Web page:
- Twitter chats have gained momentous popularity over the last few years
- Participants join via a bespoke hashtag at a predesignated time on a particular topic
- Chat's allow networking, support and access to experts otherwise impossible
- CNN will co-host a chat on Sept 28 8p/11e on the subject of women at work
A growing number of women in business are flocking to Twitter for real-time advice, support and networking.
Twitter chats are allowing women in the world of work -- from young business owners to females in the C-suite to mompreneurs and more -- to gather together online and talk like never before.
Here is Leading Women's guide to Twitter chats -- the benefits, the pitfalls, some contacts and how to get involved.
What is a Twitter chat?
When it comes to Twitter chats there are as many topics as groups, from customer service to tech enthusiasts to business start-ups, and although women are using them a lot, it's not gender specific.
A chat happens when a group of Twitter users gathers together at a scheduled time, and send tweets to each other using an agreed hashtag that allows anyone who's interested to follow the conversation.
They tend to happen regularly, for example monthly, and a community will of like-minded people often grows up around them.
An organizer will tweet the date, time and topic of the chat to the community using the hashtag. The organizer will often use a social media dashboard like Tweetdeck or Hootsuite to schedule questions that will be tweeted out at intervals during the chat to give the conversation structure.
Tinu Abayomi-Paul, editor of of the #WgBiz (Women Grow Business) chat describes a successful chat as "a lively community around the chat's topic, consistent promotion, well-timed, scheduled chats, and discussion around a topic that the community cares about."
Why are they popular?
Twitter chats have become a practical communicative tool for a number of reasons, according to Abayomi-Paul.
"First, there's the chance to receive expert or peer knowledge in a format that's more dynamic than a webinar," she said.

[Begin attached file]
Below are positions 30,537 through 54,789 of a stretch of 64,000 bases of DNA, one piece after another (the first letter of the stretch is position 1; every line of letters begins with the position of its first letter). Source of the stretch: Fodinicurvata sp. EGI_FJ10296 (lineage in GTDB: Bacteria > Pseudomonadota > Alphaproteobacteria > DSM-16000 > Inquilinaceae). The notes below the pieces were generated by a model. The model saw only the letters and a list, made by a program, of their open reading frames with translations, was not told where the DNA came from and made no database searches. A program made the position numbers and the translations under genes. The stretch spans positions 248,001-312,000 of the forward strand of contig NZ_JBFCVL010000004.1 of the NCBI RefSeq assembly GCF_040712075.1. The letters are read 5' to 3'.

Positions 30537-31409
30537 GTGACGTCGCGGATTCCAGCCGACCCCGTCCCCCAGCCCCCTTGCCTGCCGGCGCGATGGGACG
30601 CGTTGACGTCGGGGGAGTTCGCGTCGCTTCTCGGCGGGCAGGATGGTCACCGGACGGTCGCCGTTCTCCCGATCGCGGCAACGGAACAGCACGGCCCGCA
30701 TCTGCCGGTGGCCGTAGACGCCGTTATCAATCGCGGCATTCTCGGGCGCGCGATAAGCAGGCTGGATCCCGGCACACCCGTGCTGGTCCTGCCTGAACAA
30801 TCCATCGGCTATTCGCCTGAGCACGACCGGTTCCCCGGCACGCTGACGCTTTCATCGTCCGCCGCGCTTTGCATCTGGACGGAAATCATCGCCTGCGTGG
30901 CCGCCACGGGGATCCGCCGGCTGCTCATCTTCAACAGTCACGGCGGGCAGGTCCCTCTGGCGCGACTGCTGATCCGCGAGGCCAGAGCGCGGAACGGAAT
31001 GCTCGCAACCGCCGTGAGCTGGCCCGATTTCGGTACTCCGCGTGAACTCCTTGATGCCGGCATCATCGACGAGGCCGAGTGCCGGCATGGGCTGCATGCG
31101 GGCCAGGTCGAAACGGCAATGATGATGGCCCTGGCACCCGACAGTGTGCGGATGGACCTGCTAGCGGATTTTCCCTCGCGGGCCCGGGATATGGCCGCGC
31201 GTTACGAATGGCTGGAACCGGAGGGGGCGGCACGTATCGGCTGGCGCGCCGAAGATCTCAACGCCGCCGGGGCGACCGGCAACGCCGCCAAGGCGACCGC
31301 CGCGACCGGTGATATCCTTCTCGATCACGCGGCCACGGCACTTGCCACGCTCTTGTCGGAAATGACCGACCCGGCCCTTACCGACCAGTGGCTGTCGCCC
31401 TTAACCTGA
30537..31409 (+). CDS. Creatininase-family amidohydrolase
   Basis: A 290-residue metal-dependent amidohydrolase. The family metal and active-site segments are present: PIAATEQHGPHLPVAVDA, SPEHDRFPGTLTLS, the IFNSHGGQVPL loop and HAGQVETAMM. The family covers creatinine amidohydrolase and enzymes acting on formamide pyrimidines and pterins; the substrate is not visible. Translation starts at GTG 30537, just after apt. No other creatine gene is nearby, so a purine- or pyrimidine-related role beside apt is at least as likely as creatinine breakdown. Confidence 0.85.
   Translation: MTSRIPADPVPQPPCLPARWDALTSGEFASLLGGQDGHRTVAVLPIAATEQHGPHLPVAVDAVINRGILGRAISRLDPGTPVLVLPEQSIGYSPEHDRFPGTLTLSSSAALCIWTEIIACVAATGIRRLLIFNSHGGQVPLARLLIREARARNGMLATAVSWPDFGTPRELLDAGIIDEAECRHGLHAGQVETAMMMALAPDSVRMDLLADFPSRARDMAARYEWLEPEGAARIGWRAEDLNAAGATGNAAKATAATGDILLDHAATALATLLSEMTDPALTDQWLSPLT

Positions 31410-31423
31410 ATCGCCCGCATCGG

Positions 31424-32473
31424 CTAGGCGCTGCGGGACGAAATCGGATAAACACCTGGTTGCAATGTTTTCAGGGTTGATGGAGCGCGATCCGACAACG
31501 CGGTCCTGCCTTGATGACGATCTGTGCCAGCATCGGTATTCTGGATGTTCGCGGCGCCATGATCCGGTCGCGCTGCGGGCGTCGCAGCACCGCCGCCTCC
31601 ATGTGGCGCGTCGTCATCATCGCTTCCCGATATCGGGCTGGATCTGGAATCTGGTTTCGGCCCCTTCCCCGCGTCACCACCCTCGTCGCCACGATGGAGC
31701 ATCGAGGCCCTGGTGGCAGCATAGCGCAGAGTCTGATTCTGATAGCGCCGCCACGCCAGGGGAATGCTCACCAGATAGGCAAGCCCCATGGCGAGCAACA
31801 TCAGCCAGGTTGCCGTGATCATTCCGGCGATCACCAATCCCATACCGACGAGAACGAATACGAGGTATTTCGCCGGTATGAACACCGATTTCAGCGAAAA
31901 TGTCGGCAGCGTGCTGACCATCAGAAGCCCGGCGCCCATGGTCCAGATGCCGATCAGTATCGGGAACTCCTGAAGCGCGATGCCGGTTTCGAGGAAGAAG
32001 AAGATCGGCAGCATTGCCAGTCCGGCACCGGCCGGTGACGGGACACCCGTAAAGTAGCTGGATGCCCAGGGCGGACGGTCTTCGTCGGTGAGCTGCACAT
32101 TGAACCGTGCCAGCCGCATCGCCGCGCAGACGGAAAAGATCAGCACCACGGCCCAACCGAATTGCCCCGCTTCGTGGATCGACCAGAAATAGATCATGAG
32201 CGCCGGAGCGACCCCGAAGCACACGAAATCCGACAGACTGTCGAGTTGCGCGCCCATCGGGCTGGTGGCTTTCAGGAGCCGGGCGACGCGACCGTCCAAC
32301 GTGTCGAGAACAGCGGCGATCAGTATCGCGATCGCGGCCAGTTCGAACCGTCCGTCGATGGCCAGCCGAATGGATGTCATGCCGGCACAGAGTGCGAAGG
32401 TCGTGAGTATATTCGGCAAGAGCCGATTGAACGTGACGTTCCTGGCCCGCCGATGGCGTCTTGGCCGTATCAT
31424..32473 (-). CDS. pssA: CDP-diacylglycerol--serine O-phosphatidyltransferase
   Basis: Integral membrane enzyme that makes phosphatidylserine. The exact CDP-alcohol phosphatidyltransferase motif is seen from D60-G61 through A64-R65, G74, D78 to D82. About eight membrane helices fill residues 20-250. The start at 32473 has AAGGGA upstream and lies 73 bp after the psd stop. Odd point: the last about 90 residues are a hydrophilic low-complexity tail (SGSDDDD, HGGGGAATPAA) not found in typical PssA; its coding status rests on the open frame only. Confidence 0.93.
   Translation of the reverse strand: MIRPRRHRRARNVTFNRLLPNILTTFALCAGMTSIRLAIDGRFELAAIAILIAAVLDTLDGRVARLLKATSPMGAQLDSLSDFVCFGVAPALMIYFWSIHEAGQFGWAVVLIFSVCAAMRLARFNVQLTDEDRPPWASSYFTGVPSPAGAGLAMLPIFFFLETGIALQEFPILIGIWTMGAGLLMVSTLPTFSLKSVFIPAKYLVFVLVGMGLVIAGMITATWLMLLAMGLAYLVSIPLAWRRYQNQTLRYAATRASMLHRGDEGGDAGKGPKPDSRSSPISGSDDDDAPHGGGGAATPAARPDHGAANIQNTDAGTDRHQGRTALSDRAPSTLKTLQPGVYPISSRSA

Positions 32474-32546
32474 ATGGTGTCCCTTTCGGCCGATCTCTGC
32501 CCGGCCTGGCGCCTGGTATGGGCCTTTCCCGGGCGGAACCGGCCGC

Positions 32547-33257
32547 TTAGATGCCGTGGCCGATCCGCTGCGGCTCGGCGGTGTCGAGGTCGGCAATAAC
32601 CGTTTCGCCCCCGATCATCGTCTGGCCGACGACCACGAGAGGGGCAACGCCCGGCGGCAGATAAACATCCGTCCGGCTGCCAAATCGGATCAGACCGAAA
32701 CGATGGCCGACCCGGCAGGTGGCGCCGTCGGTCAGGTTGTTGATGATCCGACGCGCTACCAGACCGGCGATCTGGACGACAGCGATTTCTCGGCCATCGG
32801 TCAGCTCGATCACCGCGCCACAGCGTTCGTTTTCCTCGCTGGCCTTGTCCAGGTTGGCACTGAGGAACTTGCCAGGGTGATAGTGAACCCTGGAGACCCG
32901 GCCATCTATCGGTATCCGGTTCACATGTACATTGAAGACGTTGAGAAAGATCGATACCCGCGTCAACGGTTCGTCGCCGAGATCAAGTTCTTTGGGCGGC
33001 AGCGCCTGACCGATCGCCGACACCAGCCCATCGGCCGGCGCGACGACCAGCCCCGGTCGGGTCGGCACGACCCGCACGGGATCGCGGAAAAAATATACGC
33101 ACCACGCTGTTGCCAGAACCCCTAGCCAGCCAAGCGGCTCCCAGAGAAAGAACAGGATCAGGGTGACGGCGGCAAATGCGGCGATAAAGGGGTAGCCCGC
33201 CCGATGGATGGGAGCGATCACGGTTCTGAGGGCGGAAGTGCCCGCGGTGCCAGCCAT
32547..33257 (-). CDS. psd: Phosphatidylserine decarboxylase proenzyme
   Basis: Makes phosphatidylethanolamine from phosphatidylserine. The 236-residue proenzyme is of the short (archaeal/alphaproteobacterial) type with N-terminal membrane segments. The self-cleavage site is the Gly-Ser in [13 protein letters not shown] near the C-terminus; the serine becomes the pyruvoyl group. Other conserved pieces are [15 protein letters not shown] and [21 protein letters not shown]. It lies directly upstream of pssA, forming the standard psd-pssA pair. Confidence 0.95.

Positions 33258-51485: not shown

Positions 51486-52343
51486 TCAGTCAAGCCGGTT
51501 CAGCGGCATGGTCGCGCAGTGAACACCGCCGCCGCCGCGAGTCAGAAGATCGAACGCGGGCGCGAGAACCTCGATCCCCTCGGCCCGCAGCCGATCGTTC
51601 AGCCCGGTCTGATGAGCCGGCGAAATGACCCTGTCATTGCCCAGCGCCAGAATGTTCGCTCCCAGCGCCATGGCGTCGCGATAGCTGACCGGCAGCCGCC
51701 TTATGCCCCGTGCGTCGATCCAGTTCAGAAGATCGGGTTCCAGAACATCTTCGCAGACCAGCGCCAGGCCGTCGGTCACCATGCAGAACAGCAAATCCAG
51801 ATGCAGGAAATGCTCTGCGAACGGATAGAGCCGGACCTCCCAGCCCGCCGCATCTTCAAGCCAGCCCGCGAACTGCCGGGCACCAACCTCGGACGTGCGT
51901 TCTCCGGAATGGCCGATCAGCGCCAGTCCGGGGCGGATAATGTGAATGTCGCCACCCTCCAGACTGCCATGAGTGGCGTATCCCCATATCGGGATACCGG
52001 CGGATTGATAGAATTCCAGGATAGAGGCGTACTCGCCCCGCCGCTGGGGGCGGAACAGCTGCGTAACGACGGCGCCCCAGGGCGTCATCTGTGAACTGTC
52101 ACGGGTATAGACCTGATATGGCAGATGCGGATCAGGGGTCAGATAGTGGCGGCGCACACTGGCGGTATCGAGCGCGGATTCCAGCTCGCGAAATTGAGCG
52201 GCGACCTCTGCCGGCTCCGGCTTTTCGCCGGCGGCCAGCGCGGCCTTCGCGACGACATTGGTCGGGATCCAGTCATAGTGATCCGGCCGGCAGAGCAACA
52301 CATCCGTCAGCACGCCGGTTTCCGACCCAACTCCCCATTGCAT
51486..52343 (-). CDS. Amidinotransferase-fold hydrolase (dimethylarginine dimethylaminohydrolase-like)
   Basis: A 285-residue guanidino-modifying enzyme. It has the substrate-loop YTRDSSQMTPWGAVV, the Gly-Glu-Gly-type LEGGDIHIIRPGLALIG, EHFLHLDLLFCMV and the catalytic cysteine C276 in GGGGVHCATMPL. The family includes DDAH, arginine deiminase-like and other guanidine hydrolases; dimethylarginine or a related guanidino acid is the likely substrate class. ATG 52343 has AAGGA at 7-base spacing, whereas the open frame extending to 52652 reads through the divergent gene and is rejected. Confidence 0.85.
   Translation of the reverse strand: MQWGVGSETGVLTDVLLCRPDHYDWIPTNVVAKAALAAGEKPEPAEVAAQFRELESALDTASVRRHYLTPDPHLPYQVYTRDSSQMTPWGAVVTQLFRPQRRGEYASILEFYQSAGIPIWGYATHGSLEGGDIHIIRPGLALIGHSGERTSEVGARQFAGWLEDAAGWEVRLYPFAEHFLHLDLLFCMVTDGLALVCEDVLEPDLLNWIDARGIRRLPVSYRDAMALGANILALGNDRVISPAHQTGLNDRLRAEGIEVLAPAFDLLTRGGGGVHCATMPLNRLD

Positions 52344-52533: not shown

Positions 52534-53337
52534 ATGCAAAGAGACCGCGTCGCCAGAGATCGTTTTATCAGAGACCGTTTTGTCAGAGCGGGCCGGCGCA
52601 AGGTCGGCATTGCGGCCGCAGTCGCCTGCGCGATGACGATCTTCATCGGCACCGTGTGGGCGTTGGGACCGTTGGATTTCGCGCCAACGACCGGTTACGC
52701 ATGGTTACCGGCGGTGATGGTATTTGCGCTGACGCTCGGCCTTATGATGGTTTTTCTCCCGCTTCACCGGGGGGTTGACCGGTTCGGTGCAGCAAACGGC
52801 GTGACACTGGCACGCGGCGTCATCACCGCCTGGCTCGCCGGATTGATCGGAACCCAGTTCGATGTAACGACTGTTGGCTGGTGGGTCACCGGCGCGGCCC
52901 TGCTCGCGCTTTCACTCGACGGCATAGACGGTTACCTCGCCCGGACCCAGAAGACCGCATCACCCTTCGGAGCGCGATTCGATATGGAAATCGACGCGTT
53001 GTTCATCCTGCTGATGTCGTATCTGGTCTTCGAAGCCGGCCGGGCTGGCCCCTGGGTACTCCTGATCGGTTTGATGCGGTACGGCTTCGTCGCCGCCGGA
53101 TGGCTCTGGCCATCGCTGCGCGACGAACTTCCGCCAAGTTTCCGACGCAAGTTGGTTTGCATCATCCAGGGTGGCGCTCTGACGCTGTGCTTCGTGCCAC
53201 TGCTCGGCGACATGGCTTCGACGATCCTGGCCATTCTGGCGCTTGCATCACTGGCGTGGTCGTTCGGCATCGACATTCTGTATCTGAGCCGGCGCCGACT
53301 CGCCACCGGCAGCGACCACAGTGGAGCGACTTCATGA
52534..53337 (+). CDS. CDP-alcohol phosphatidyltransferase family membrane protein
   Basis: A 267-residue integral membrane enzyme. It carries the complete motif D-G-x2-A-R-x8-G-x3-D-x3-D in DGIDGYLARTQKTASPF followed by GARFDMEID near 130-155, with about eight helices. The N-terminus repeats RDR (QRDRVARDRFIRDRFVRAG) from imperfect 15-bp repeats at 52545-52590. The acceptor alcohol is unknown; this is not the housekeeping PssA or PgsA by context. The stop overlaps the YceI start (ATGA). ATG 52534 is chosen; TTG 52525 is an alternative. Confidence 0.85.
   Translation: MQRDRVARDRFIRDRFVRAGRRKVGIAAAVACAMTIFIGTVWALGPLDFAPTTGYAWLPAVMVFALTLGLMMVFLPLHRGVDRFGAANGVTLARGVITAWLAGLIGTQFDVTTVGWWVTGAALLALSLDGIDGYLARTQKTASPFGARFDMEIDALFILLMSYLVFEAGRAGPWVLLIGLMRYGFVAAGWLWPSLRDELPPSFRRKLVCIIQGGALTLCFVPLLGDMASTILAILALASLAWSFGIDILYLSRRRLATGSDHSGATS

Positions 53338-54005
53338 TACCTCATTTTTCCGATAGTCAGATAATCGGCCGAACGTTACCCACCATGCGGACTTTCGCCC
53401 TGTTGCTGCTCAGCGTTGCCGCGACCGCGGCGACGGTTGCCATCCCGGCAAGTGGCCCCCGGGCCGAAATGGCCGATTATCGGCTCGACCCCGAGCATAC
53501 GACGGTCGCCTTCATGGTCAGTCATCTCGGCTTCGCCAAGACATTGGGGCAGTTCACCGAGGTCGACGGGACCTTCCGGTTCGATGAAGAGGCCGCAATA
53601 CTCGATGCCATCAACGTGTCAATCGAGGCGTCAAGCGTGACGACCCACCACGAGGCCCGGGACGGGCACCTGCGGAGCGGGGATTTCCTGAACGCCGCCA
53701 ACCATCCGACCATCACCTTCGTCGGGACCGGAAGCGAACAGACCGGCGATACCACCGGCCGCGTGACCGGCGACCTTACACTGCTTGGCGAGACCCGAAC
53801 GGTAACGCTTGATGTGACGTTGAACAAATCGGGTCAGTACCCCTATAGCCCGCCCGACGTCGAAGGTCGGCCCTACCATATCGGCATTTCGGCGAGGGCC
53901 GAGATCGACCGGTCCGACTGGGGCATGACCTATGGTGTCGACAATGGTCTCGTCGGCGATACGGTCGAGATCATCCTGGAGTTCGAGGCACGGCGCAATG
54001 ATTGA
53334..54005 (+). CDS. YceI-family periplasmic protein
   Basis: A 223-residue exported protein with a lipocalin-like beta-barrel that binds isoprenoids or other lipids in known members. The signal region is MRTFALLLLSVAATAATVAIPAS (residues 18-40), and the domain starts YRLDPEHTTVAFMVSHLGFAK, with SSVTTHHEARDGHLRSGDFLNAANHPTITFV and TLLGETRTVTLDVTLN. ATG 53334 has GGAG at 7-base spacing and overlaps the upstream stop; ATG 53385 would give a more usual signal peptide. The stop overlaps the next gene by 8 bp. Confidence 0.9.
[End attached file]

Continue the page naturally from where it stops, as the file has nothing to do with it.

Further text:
"Second, there's an avenue for continuing to maintain contact with those participating via Twitter, without anyone exposing their private information before they're ready.
"Third, being able to participate live, in real time, in such a (simple) format eliminates some of the barriers that keep us from attending teleconferences, webinars, video meeting or in-person events."
"You can join in whenever you can, wherever you are, which is very important for young women especially those with varied responsibilities," she said.
Some chats also provide the opportunity to meet and talk directly with industry experts. Avid chat participant Ify Ofulue uses chats to brainstorm with guest speakers and says it is an immeasurable source of knowledge.
"The caliber of guests is a huge draw," she said. "I knew straight away I wouldn't have had the opportunity to connect with them as easily as through Twitter chat. So, I threw caution to the wind and dove in. It quickly became a monthly routine."
Connecting with like-minded individuals within your industry has always been important in business. Viveka von Rosen is the founder of Linked Into Business. She highlights how tweet chats have created a new avenue for networking professionals.
"The business and relationship development opportunities for participants are incredible," she said.
"The fact that people get to hang out with influencers that the moderators bring on and for these major influencers to be able share their words with people so directly, I think that kind of access is unparalleled."
What are the disadvantages?
While chats are growing in popularity, von Rosen is quick to point out Twitter could be doing more to help.
"It can be difficult to find tweet chats, it's like a secret club or something," she said. "There is an excel list that gets passed around (but) I think Twitter is missing out on an incredible opportunity when it comes to tweet chats."
Another disadvantage, according to chat enthusiast and marketing professional Shannon Renee, is when people hijack an event to promote their own products and services and thus devaluing the conversation.
How to get involved
Both moderators and participants describe Twitter chats as friendly and welcoming experiences. If you'd like to get involved, here are a few hints to help you on your way:
1. Search your favorite blog or website and see what Twitter activity they have or if they use a certain hashtag to generate conversation between members.
2. Ask your followers and friends if they participate in any chats that may be of interest to you.
3. Once started Twitter chats gain momentum and it can be difficult to keep up with the conversation. Using a tool like Tweetdeck or Tweetchat to follow the hashtag can help.
4. There is nothing wrong with sitting on the sidelines and watching the discussion as it happens.
5. If you want to speak up, moderators suggest sending an introductory tweet to the group mentioning that it's your first chat.